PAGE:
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Does Substance Use or Nutrition in Adolescence Predict Mental Health in Young Adulthood? A Systematic Review

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Marna Miller, Katelyn Kelley - December 2022

The 2021 Washington State Legislature directed WSIPP to review the research for any relationships between adolescent substance use and adolescent nutrition on subsequent mental illness in early adulthood.

For substance use, we found that adolescent alcohol use was associated with an increased risk of later depression. Adolescent cannabis use was associated with an increased risk for depression and psychosis, but we found no evidence that adolescent misuse of opioids or cocaine is associated with mental illness in young adults.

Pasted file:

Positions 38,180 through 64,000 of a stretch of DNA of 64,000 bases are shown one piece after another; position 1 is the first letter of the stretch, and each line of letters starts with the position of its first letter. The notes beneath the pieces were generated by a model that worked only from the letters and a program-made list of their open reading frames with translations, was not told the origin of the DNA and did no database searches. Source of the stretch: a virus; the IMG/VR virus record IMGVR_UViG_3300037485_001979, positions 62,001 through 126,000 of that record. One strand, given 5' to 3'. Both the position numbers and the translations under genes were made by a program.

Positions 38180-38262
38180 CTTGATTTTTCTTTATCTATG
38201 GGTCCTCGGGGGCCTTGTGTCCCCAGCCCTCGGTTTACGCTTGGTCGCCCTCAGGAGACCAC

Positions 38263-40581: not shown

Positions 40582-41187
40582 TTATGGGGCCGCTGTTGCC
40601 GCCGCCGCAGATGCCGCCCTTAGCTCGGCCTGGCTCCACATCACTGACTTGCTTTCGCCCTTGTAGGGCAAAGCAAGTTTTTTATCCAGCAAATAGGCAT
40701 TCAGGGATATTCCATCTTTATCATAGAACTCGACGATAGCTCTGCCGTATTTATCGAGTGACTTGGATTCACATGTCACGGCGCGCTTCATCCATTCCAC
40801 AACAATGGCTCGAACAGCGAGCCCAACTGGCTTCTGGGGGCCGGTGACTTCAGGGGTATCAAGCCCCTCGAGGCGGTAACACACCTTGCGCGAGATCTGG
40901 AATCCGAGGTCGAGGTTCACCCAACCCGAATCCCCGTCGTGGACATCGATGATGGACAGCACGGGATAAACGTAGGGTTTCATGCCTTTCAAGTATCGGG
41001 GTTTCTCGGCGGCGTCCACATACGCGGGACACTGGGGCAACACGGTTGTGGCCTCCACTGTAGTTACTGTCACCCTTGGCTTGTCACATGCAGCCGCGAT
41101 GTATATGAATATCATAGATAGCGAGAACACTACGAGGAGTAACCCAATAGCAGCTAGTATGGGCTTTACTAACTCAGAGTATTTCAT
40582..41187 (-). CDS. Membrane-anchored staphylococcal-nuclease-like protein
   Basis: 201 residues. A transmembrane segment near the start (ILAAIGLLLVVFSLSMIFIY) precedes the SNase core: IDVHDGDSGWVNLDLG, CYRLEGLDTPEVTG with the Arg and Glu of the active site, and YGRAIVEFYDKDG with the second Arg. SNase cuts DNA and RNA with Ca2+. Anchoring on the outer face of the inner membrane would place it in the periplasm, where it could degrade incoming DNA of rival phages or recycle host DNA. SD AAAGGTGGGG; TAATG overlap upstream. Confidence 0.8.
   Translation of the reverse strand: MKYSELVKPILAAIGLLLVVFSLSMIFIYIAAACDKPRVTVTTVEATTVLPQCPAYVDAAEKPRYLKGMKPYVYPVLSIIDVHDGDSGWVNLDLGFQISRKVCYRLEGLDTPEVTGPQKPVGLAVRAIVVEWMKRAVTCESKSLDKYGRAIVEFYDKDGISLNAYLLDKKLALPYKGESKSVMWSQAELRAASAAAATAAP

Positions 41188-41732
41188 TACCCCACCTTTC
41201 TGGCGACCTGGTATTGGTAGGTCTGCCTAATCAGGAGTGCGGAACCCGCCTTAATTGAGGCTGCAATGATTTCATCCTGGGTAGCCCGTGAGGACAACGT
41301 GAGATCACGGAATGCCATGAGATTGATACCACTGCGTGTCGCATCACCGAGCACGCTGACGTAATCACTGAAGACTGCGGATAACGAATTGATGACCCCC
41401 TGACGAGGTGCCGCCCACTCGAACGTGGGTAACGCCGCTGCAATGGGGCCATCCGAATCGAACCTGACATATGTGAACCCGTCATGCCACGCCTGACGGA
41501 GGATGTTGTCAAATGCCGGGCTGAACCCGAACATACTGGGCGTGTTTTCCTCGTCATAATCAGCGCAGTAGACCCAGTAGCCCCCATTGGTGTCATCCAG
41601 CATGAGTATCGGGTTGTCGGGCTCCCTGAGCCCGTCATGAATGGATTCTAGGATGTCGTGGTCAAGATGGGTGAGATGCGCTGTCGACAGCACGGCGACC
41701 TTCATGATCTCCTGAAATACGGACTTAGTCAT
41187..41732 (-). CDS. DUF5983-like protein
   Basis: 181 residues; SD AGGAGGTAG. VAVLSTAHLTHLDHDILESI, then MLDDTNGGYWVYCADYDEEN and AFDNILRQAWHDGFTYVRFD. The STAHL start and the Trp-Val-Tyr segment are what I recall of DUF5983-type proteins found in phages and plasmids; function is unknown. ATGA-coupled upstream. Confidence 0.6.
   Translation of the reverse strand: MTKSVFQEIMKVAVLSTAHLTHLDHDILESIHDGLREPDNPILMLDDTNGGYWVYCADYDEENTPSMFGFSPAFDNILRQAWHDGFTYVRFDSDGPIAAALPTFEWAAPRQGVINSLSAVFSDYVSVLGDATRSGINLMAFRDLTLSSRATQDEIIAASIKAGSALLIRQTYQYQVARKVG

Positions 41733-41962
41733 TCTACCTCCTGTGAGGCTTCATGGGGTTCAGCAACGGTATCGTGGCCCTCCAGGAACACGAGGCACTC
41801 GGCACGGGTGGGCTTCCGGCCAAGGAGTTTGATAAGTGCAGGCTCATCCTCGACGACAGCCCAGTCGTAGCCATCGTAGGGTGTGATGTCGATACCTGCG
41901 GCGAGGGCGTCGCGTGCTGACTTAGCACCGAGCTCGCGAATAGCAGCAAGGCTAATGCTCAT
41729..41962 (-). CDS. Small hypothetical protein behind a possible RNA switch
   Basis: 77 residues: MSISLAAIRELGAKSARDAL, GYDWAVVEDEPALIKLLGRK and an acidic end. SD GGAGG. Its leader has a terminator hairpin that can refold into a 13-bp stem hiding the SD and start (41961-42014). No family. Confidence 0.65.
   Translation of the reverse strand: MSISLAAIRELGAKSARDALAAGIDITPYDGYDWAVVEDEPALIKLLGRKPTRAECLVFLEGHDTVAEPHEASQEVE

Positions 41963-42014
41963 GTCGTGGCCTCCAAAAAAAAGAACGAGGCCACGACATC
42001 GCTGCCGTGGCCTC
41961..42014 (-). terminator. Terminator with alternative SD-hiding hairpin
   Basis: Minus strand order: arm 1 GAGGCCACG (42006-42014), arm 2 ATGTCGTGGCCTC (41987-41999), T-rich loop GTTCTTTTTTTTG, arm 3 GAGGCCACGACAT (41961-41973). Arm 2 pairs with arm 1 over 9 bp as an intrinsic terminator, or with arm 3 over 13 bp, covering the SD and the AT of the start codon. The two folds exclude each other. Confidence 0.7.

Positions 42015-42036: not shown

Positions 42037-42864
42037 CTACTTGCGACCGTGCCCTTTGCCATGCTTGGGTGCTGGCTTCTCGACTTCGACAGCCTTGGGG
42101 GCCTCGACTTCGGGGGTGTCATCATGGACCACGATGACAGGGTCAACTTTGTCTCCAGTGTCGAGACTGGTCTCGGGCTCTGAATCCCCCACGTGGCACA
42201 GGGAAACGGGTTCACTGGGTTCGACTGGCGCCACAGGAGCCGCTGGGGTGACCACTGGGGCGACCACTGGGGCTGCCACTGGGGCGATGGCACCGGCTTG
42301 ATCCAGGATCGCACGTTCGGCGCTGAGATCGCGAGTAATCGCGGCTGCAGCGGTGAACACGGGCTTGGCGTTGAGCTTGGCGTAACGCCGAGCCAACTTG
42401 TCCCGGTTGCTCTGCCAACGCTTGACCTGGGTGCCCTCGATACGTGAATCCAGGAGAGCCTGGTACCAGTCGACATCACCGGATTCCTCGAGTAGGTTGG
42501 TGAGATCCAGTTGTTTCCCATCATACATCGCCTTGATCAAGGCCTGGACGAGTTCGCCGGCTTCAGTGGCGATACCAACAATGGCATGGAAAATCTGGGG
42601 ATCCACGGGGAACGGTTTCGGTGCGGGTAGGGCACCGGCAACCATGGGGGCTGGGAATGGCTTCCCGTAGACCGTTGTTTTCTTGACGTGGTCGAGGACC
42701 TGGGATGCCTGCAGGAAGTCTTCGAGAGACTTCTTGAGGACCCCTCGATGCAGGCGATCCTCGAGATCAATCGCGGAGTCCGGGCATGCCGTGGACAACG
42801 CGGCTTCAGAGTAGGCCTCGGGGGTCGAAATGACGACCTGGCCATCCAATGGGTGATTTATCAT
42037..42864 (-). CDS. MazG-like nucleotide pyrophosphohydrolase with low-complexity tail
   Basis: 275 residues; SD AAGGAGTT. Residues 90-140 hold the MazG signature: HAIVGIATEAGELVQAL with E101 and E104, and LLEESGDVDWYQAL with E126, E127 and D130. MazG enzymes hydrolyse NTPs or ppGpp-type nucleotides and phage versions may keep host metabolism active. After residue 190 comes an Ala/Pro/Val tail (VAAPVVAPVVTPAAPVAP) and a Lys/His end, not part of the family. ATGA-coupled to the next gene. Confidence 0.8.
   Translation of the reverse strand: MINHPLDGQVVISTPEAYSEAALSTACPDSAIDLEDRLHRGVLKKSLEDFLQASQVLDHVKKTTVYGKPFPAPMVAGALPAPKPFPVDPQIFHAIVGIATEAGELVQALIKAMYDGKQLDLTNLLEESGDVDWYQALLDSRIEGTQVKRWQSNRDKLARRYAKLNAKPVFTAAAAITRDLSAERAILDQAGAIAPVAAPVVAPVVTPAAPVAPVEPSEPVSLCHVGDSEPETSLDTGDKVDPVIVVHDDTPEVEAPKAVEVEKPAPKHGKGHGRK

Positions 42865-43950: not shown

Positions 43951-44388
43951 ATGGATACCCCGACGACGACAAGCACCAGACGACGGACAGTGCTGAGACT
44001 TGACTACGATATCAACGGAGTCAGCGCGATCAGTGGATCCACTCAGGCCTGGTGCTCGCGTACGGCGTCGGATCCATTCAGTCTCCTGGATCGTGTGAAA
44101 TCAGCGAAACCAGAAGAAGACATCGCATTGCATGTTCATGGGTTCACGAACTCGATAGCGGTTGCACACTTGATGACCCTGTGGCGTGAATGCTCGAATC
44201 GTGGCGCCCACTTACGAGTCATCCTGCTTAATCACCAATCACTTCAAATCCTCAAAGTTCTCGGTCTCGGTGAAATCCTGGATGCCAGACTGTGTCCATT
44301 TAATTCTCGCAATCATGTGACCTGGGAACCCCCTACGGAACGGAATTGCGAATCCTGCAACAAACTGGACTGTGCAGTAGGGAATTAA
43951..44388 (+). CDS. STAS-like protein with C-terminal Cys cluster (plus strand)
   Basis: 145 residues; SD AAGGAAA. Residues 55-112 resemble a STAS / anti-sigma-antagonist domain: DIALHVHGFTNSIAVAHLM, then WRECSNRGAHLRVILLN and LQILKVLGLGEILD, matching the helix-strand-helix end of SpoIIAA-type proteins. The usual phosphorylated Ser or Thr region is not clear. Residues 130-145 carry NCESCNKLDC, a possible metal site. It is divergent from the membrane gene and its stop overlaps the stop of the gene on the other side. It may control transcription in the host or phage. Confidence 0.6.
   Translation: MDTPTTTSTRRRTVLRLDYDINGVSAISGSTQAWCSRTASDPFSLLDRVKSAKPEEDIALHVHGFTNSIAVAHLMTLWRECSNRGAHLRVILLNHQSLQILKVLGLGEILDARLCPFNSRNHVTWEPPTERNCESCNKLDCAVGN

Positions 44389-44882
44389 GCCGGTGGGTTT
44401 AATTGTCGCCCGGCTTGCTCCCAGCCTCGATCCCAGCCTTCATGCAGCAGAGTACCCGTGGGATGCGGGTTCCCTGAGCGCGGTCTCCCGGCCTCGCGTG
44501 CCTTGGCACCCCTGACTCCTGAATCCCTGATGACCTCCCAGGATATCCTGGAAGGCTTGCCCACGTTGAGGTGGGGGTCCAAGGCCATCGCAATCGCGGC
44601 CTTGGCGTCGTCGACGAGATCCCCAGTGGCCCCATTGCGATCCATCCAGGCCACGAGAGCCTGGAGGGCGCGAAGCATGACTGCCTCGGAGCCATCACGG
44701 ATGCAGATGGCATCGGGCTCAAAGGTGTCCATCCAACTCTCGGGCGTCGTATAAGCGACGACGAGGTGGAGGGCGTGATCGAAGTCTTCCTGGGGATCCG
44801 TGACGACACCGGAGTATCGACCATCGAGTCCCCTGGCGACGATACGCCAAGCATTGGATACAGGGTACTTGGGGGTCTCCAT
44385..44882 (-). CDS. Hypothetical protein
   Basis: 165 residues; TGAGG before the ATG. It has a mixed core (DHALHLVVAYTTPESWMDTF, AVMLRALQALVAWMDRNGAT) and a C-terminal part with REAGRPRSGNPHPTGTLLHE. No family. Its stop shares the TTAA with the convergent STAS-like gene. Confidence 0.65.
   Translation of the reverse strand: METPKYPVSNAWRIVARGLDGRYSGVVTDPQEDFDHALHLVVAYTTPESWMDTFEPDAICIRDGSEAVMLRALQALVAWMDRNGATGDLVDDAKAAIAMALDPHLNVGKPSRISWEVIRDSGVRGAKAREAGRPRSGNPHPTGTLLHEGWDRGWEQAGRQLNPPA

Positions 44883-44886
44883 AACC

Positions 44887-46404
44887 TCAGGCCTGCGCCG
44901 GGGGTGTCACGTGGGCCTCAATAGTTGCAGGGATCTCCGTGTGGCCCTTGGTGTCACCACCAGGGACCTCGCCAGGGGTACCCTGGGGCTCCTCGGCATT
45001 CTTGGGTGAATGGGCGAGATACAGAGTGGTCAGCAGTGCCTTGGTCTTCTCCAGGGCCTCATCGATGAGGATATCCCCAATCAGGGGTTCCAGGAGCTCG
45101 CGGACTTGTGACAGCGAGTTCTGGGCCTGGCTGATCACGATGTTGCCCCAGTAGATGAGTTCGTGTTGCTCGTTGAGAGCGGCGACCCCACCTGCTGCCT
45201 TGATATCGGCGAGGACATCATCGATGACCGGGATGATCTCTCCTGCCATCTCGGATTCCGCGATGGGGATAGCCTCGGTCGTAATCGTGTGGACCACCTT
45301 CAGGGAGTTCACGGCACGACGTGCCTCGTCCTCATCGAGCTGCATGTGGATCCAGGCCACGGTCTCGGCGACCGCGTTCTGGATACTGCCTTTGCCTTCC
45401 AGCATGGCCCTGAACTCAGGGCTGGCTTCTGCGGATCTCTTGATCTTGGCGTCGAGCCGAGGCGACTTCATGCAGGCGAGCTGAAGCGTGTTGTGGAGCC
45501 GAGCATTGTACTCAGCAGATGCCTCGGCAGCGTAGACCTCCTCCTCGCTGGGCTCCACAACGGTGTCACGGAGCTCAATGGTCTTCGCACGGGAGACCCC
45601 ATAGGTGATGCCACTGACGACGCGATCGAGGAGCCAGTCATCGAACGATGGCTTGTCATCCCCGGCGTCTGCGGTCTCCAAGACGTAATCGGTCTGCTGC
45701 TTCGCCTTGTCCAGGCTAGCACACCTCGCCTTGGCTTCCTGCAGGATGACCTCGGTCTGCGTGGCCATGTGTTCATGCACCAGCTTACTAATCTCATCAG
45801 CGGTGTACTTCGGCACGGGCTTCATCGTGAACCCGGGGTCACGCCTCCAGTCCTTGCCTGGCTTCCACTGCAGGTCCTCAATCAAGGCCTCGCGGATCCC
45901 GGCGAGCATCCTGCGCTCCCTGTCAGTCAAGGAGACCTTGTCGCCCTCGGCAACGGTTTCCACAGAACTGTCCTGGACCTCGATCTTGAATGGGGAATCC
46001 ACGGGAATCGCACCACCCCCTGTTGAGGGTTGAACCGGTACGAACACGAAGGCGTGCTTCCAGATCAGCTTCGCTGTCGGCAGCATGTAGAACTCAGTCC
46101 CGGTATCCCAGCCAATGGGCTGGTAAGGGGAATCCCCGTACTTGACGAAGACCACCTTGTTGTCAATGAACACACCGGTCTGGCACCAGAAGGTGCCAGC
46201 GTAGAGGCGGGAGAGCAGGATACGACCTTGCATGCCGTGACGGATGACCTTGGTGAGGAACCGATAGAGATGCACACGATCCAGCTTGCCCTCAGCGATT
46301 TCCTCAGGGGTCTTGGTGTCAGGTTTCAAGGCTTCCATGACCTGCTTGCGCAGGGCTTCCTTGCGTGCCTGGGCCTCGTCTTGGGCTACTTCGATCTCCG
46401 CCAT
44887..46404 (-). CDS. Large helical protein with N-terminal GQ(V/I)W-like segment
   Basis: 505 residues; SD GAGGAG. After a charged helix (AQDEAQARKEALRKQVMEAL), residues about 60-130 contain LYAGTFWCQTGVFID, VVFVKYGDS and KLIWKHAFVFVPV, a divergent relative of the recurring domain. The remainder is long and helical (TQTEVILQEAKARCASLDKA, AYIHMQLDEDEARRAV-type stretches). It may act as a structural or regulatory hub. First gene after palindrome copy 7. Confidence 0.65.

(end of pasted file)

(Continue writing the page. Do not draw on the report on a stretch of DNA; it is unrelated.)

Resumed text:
For nutrition, we found that higher quality diet in adolescence was associated with a lower risk for later depression. Obesity during adolescence was associated with an increased risk for depression in young adults, especially in females. Finally, we found no evidence of a link between adolescent intake of omega-3 fatty acids and any mental illness in young adulthood.

Report ID: 22-12-3901

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